We are starting the New Year of 2012 by facing our fears! My Year with Eleanor by Noelle Hancock provides inspiration and entertainment as Noelle loses her high paying job and is inspired by an Eleanor Roosevelt quote to confront her fears. Noelle's account of facing her physical and emotional fears moves from the somewhat silly to the serious as the book progresses and we realize just how many fears Noelle is dealing with. Join us as we learn about the wonderful Eleanor R. and the psychology of fear.
Spending the past week in North Carolina made me want to make a Southern bundt cake. When I think of Southern cooking/baking, I think Paula Deen. As a coconut lover I chose the coconut pound cake recipe from Paula's book Paula Deen Celebrates! This recipe was serious business: 4 sticks of butter and 6 eggs! If you hate coconut do not get near this cake. And, if you're dieting you can probably gain weight just by looking at this cake.
All that being said, it's a great cake. Easy to make, rich, and can be topped with frosting (as Paula herself suggests).
This might be the world's easiest "cake." Most people love it and it takes very little time to make. It's pretty much foolproof and looks great. Unfortunately, circumstances beyond my control have severely limited my bundt cake making time. So, when I saw this bundt I knew I had to make it.
Check out tomorrow's post for new cakes celebrating National Bundt Day (Nov 15). And, if inspired, please share your favorite bundt cakes with us in the comments section.
I am not a natural baker. I often like the idea more than actually baking anything. That being said, sometimes I find great satisfaction in baking and other times... Well, they're like today.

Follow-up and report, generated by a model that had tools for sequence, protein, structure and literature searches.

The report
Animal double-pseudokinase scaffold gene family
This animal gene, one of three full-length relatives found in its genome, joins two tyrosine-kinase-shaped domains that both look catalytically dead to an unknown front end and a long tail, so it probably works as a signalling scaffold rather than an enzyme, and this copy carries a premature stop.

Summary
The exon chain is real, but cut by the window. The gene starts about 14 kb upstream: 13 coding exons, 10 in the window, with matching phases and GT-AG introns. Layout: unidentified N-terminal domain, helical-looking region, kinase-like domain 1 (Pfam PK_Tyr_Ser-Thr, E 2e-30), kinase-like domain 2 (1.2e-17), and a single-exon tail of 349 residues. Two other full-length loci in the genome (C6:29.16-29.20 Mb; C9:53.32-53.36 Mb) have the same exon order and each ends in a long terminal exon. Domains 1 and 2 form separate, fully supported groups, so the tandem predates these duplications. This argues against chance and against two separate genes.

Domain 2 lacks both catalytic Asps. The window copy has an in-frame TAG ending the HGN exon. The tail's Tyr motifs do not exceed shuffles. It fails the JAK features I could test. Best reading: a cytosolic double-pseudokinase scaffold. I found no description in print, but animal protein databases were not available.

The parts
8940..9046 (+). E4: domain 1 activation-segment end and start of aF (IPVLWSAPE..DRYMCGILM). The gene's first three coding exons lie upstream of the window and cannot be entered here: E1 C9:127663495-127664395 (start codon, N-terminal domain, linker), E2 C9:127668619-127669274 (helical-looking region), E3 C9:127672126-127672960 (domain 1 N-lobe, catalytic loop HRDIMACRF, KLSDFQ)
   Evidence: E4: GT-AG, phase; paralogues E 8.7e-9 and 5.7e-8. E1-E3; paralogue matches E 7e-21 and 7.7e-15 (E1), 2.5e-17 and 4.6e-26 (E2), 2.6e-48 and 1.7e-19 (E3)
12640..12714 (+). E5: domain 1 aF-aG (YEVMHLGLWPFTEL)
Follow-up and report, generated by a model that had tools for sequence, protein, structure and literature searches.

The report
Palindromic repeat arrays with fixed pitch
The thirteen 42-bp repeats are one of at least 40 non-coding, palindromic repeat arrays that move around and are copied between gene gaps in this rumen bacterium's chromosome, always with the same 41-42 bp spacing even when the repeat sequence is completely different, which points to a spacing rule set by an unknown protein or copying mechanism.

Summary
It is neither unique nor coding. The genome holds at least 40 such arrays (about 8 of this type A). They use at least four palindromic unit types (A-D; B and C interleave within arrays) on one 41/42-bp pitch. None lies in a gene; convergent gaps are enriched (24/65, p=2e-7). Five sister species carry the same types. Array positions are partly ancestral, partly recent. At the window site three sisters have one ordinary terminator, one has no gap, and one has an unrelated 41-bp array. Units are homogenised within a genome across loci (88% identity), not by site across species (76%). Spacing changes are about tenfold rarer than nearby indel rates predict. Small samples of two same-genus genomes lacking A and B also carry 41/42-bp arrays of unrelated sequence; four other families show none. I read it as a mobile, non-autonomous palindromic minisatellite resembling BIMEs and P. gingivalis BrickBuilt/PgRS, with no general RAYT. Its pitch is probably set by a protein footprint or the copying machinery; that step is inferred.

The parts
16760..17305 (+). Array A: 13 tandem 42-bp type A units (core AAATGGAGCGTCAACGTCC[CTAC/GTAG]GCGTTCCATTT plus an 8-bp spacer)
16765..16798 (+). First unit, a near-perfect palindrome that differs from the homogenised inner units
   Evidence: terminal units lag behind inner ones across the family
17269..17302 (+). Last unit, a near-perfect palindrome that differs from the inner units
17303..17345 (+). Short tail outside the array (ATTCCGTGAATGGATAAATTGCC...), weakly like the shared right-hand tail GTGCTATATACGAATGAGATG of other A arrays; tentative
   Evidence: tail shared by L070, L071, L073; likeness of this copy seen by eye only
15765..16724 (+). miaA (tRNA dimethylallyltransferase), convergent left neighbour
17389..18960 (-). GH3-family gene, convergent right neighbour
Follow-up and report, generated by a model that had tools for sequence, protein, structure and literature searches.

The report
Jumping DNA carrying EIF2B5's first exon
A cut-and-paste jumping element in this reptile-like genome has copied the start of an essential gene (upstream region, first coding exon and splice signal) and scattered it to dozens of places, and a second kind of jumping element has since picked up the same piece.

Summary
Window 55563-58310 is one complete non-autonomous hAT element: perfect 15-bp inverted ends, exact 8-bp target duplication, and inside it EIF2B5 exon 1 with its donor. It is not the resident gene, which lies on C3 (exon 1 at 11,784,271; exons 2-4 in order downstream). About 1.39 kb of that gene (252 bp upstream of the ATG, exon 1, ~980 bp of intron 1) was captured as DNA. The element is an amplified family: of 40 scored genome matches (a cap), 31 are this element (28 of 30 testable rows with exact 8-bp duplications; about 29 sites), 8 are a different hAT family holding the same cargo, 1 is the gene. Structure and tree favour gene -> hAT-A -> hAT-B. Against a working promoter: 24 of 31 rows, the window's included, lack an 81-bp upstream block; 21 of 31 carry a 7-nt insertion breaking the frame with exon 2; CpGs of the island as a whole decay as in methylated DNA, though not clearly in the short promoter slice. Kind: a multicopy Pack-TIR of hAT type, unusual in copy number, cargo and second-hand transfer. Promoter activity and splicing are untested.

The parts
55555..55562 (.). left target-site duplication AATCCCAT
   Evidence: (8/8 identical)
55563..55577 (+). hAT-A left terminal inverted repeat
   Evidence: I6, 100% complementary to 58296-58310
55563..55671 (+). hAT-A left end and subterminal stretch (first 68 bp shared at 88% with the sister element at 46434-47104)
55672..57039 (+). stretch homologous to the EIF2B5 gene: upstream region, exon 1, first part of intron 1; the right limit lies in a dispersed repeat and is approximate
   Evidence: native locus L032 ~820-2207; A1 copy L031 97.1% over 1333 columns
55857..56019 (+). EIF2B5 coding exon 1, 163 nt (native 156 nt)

For my second bundt (leading up to National Bundt Day, Nov 15) I chose to make "The Naughty Senator" (yes, I planned this to coincide with voting today) from the book All Cakes Considered by Melissa Gray. Each recipe in the book was made by Melissa and tested by NPR's All Things Considered staff. Very cool.
The Naughty Senator is a peppermint and chocolate rum marble cake. To me it sounded... kind of good and kind of weird. Well, it's both! However, here's where my lack of baking satisfaction comes into play: I did everything exactly according to the recipe. I did, I swear! But, instead of having a pastel green and chocolate swirled artful design my cake had color blobs. And, it was really puffy. And, unfortunately, it was slightly overcooked. So... what to do? Consider it a complete failure? Nope, I frosted it to respectability. Or at least to making it look a little better.
Taste? Not bad. But, definitely not for mint haters. The rum flavoring? I couldn't really taste it, but I just used a non-alcoholic extract. Maybe that makes a difference.
Wouldn I make it again? Probably not. But, the name alone made it the perfect cake for today.
Join us Monday, May 2 at 7:00 PM in the library's meeting room. Didn't have time to read the book? No worries, come anyway and enjoy the discussion and guest speaker.
As we all emerge from our winter hibernation, our eating habits probably need some improving, so join us to discuss Mindful Eating by Jan Chozen Bays and hear what Barb Geske has to add to the conversation. Barb is a nutrition and fitness coach who doesn't believe in deprivation, only "balance and choices." Check out her blog with recipes, insights, advice, and encouragement. Then see her in person and have fun with the Better Living Book Club!
Join us for a reading and book signing by popular Michigan Notable Author Heather Sellers. ELPL is very excited to host author and Hope College Professor Heather Sellers, author of the nationally known book, You Don't Look Like Anyone I know: A True Story of Family, Face Blindness, and Forgiveness.
The mission of the The Better Living Book Club is to read practical and inspirational material that enhances our lives. As life gets more complicated, we'll focus on readings with suggestions for living more fully with greater joy and less stress